Roos asked the students to consider how specific experiments detailed in the papers were accomplished: how, for example, human monoclonal antibodies that recognize the spike glycoprotein of the SARS-CoV-2 were isolated. For each paper, he probed: How did they do this? What did they find? What challenges might they have faced? Why do we care? What more do we want to know? The students mostly rose to the challenge, many gaining a newfound appreciation for the limits and flaws in research studies—especially around COVID-19. 

“If you’re answering, you really have to know your stuff and be prepared to defend what you say,” reflected physics and biochemistry major Samuel Kim C’21. “He really emphasizes deep understanding of methods.”

Toure was a TA for the class as a graduate student. She had joined via Zoom, in part, to help with a similar class she was teaching in Mali on cell biology. “There is no way you find this kind of discussion in a textbook.”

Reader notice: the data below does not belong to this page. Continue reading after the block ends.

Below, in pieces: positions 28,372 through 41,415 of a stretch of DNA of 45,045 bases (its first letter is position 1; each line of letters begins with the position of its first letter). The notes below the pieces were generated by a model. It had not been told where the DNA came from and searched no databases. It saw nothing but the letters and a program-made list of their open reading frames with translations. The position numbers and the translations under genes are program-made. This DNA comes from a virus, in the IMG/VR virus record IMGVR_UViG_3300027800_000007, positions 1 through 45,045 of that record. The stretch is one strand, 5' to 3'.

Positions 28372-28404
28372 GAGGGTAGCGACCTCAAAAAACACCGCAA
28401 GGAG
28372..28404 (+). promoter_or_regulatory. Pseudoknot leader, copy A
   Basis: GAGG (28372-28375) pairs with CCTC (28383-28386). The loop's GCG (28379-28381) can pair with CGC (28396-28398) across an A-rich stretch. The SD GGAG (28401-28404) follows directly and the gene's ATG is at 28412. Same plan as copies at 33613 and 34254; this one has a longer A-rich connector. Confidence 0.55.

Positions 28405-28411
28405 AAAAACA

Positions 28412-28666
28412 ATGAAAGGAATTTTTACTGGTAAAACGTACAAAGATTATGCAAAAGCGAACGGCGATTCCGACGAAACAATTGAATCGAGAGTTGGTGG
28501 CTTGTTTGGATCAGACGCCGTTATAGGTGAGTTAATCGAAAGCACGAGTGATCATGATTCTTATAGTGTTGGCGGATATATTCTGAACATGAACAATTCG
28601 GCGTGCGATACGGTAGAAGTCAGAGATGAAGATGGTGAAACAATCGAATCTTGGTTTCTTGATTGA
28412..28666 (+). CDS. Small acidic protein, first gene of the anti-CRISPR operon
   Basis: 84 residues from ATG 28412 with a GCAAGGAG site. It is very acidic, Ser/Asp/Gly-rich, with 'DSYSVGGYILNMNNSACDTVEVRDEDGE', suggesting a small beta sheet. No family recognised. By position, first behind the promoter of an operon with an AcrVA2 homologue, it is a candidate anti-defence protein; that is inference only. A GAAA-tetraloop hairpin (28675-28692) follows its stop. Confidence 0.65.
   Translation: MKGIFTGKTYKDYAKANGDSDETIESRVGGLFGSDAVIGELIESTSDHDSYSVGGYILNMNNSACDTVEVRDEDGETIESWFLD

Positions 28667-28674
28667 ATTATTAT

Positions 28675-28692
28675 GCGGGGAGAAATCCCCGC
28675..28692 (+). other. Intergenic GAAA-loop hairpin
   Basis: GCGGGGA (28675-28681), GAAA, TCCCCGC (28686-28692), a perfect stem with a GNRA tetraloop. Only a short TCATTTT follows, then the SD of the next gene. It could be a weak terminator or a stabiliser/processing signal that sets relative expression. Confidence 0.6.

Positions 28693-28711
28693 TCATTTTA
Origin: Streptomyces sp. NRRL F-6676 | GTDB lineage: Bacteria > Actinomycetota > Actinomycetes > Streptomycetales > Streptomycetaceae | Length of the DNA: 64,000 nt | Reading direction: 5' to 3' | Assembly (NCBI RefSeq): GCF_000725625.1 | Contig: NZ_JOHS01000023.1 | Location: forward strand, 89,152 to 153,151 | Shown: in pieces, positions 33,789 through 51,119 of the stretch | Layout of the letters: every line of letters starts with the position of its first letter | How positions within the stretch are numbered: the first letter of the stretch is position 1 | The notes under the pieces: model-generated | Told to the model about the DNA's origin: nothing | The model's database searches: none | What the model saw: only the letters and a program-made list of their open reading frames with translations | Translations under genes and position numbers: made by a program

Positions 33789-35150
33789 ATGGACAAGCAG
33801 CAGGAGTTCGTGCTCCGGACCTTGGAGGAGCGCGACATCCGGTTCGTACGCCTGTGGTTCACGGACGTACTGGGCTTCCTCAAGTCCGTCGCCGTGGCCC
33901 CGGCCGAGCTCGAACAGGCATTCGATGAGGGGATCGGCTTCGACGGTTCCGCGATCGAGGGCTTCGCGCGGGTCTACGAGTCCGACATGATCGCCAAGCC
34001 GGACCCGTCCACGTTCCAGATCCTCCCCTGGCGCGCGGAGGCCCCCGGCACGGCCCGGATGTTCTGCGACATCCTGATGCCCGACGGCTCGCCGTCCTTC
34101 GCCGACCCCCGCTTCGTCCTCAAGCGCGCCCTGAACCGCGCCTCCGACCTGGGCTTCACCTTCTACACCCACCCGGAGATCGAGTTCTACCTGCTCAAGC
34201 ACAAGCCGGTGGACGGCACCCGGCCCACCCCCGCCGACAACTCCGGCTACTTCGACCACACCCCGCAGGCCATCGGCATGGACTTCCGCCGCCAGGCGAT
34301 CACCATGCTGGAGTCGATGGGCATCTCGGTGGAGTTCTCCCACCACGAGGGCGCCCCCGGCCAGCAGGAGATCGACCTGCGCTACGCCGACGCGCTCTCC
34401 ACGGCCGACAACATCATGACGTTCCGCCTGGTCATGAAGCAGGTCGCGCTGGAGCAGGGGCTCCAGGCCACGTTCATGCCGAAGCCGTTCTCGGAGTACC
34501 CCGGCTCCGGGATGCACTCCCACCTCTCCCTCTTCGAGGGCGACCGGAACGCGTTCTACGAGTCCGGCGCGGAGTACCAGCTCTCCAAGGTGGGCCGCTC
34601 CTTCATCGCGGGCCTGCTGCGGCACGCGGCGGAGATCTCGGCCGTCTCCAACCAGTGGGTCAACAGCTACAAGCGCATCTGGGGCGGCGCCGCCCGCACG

Of course, that’s the point: “to convey something about the whole nature of the scientific enterprise,” as Roos puts it, “how interactions work and how anybody does science”—and, he adds, in the time of coronavirus, “how one sorts out the unknown.” —Lini S. Kadaba


Zooming the World

Penn’s “hub for global affairs” goes virtual.

If you scroll through the list of past events on the Perry World House website, the ones from early 2020 are a smorgasbord of global policy hot topics: emerging national security threats, US–China competition, foreign interference in elections, human rights. But from the end of March onward, it has been all coronavirus all the time, and rather than taking place in its building on Locust Walk, the action has all been on Zoom—virtual presentations hosted by PWH director and Richard Perry Professor Michael Horowitz, in which experts have taken on the pandemic from the perspectives of public health, epidemiology, political science, international relations, history, and other disciplines. Speakers have ranged from oncologist and public health expert Ezekiel Emanuel, Penn’s vice provost for global initiatives; to former US National Security Advisor H.R. McMaster; to historians, journalists, climate scientists, WHO experts, and more.